Location

New York, New York

Session Start Date

4-13-2004

Session End Date

4-17-2004

Abstract

The eastern section of the Mediterranean Sea is a seismic zone falling on the boundaries of the Eurasian, African, and Arabian tectonics plates. The Greater Beirut Area, in Lebanon, witnessed major seismic historic events. After a ten years reconstruction effort mainly concentrated in downtown Beirut, the country is deeply indebted. In spite of this effort, many residential building will not withstand any seismic event particularly those built in geologically hazardous sectors. A seismic risk analysis for the Greater Beirut Area containing half of the Lebanese population is performed. This investigation shows that several sectors in the Greater Beirut Area, such as Beirut Sea Front, present a considerable risk of liquefaction, sometimes exceeding 80 % probability for a return period of 50 years. Whereas the quality of reconstruction improved, several obvious gaps remain in the geotechnical and seismic evaluations of constructions. Nevertheless, modern seismically designed buildings are yet scarce while the majority of buildings are old traditionally constructed structures without any seismic provisions and poor quality building material. Mapping of results is a key tool for urban planners, engineers and insurance industry, concerned by risk assessment of natural disasters. There is a need for them to act as a pressure group and attempt to urge local authorities to accelerate the implementation of a modern seismic building code in the near future in order to reduce risk of failure.

Department(s)

Civil, Architectural and Environmental Engineering

Appears In

International Conference on Case Histories in Geotechnical Engineering

Meeting Name

Fifth Conference

Publisher

University of Missouri--Rolla

Publication Date

4-13-2004

Document Version

Final Version

Rights

© 2004 University of Missouri--Rolla, All rights reserved.

Document Type

Article - Conference proceedings

File Type

text

Language

English

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Apr 13th, 12:00 AM Apr 17th, 12:00 AM

Liquefaction Risk Assessment and Implications on Urban Planning in the Greater Beirut Area

New York, New York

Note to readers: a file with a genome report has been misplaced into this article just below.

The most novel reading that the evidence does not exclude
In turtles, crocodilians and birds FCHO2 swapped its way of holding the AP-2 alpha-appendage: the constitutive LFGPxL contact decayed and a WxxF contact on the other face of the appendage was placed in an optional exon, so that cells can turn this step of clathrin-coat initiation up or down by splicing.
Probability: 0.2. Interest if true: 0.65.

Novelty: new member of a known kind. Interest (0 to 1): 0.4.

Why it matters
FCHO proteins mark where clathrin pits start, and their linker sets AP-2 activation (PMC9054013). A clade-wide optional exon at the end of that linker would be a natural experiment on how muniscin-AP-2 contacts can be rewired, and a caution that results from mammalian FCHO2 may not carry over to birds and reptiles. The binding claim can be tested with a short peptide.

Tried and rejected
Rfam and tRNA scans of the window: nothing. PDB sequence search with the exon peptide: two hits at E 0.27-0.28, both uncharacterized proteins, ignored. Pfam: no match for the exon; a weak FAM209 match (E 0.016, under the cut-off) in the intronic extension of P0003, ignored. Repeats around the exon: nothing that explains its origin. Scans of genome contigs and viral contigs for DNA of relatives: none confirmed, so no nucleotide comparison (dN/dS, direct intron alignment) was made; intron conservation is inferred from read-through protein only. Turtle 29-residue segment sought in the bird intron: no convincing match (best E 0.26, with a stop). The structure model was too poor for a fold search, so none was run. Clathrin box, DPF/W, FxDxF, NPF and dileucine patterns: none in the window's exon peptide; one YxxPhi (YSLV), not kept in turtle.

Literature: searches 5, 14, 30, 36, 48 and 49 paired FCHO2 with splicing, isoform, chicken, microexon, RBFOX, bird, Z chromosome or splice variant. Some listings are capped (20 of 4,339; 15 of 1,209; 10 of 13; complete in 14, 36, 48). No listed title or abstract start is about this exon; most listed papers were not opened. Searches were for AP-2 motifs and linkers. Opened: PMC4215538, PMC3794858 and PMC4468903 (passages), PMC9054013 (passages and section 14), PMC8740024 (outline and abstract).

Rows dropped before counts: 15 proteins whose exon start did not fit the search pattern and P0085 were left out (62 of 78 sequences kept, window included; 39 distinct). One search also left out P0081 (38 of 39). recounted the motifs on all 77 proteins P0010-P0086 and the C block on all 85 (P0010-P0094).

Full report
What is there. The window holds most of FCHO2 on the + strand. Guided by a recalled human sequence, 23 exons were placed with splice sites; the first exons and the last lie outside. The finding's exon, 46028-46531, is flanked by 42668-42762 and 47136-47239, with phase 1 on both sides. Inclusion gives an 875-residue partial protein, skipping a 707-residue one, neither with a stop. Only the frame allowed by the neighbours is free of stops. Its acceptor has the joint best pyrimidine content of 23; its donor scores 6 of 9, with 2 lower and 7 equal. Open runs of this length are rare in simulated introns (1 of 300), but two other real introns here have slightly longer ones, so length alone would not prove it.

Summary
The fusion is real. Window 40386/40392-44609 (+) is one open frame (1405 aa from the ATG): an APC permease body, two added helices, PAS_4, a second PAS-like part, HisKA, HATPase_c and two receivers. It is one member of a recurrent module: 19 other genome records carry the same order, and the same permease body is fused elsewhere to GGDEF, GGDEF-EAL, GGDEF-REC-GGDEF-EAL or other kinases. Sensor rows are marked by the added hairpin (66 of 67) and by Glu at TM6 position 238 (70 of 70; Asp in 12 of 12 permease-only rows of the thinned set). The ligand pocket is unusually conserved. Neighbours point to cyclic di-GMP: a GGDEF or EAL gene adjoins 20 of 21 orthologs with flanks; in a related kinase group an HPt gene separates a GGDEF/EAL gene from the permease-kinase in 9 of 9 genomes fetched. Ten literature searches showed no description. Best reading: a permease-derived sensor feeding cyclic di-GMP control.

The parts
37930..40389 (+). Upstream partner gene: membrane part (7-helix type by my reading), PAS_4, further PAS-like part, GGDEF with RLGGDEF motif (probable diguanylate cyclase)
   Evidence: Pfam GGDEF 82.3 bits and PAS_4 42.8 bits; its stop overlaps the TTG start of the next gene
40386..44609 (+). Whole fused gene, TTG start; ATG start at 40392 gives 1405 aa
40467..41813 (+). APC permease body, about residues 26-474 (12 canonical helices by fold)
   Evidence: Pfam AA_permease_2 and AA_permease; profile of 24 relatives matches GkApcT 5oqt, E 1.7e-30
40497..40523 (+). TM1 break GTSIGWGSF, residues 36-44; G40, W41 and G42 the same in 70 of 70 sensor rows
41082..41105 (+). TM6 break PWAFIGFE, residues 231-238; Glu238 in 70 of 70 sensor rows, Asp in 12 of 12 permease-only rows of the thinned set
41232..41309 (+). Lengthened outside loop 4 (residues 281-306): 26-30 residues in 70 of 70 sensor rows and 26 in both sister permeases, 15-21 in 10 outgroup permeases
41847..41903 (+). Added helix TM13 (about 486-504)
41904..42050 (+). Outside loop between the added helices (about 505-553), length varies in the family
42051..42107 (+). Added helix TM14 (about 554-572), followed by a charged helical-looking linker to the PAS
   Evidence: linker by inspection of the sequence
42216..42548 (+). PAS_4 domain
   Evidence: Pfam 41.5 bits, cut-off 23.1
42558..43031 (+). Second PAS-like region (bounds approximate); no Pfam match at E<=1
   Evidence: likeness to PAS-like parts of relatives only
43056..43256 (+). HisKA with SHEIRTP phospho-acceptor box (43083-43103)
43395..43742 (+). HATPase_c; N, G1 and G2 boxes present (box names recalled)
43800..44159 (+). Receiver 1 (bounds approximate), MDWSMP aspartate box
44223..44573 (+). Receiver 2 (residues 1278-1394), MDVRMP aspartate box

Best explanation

The eastern section of the Mediterranean Sea is a seismic zone falling on the boundaries of the Eurasian, African, and Arabian tectonics plates. The Greater Beirut Area, in Lebanon, witnessed major seismic historic events. After a ten years reconstruction effort mainly concentrated in downtown Beirut, the country is deeply indebted. In spite of this effort, many residential building will not withstand any seismic event particularly those built in geologically hazardous sectors. A seismic risk analysis for the Greater Beirut Area containing half of the Lebanese population is performed. This investigation shows that several sectors in the Greater Beirut Area, such as Beirut Sea Front, present a considerable risk of liquefaction, sometimes exceeding 80 % probability for a return period of 50 years. Whereas the quality of reconstruction improved, several obvious gaps remain in the geotechnical and seismic evaluations of constructions. Nevertheless, modern seismically designed buildings are yet scarce while the majority of buildings are old traditionally constructed structures without any seismic provisions and poor quality building material. Mapping of results is a key tool for urban planners, engineers and insurance industry, concerned by risk assessment of natural disasters. There is a need for them to act as a pressure group and attempt to urge local authorities to accelerate the implementation of a modern seismic building code in the near future in order to reduce risk of failure.